The best part, our campus has access to all of Peardeck’s features through December.  This includes all interactive features and their massive template gallery.  On Thursday, they added a gallery for Social Studies and more templates are to be released in the coming weeks.  Get with me if you need additional help or support  with Peardeck.



How has technology changed in the classroom


I remember back when I took my technology class at Sam Houston, my professor considered an overhead, a pencil, and manipulatives as forms of technology.  It was easy to get marked high for technology on your observations because everyone used an overhead.  However, these same tools would not be considered technology today.  So, what do we expect to see in a classroom now?

As technology has evolved, so has our opinions about how we use the technology in our classrooms.  I worked as a classroom teacher for Willis when we did the first rollout of devices at the middle school.  For those student take home devices, we just hoped the students were using them at home appropriately.  The next round of devices were a few teachers with a set of tablets in their classrooms.  I vividly remember attending a meeting with Mr. Harkrider telling us he expected them to be used often and for more than just research.   I looked at my partner and asked her are we sure we want to do this?  We jumped in, full steam ahead with support from administration and our campus iCoach.  We learned a lot and tried many new things during that time.  I remember how nervous I was about turning students lose with the devices and what happens if they do something I do not know how to fix.  It was not always smooth sailing, but some of my favorite years in the classroom.  Looking back now, I am still amazed at how differently classrooms look in relation to technology than they did when I started fourteen years ago.

The vision for the instructional technology department is to empower learners to create, innovate, and collaborate.  Thinking back to my college professor’s view of  technology,  I realize it was all about how the teacher used the technology.  Now, it is about how is the student using technology.

ISTE Student Standards Poster

We want our students to take the information they are learning and create a product that illustrates their understanding or extends what they know.  No longer do we want students to create for only their classroom or their school.  Instead, we want them to publish and collaborate outside of our school walls.  To ensure their success, we have to equip them with the tools to do so.  Check out ISTE‘s webpage to learn more about the International Society for Technology in Education student and teacher standards.  It is a fabulous resource for our digital age learners.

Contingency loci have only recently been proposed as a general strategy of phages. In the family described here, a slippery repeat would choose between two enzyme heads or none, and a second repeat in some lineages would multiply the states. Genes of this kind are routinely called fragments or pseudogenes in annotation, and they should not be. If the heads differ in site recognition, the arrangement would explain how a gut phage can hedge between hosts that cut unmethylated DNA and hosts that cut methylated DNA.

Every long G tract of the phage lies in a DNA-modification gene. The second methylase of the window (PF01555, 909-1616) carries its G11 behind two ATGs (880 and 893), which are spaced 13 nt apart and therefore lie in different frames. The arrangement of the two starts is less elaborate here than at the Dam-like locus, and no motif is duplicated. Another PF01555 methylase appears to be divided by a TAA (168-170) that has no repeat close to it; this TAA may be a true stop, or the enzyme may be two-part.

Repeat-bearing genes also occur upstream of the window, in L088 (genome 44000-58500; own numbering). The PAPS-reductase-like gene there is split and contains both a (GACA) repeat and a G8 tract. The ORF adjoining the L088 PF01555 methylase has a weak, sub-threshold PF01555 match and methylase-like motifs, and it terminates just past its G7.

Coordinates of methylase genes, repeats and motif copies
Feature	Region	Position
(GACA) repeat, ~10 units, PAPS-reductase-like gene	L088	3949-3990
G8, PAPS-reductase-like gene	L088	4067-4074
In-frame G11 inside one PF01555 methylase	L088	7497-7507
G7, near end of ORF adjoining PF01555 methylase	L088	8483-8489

With all the new changes with technology in the classroom, how can I help you?  I’m going to share some advice that helped me in the classroom.  First, do not be afraid to ask for help.  My best resource during my technology transition was  my iCoach.  She was always willing to listen as I walked through something I wanted to try, offering suggestions or support as needed, or just being an extra set of eyes and hands when trying new things.  My goal is to support you in using technology to ensure all students will learn at high levels.  Just let me know what you need from me: support during a lesson or planning, researching ideas, or just a sounding board.  I am only an email away.  Secondly, learn from  your students.  Our students are growing up in an age of digital learners.  They will be ahead of us every step of the way.  Let them teach you.  Finally, reflect on your lessons.  With technology, things will go wrong at times.  Reflect on the lesson  and think about how to make it better.  It could be something as simple as giving clearer instructions or working in partners instead of independently.  It is sad to see technology removed from lessons because it went poorly when a small change would have changed the outcome.Bitmoji Image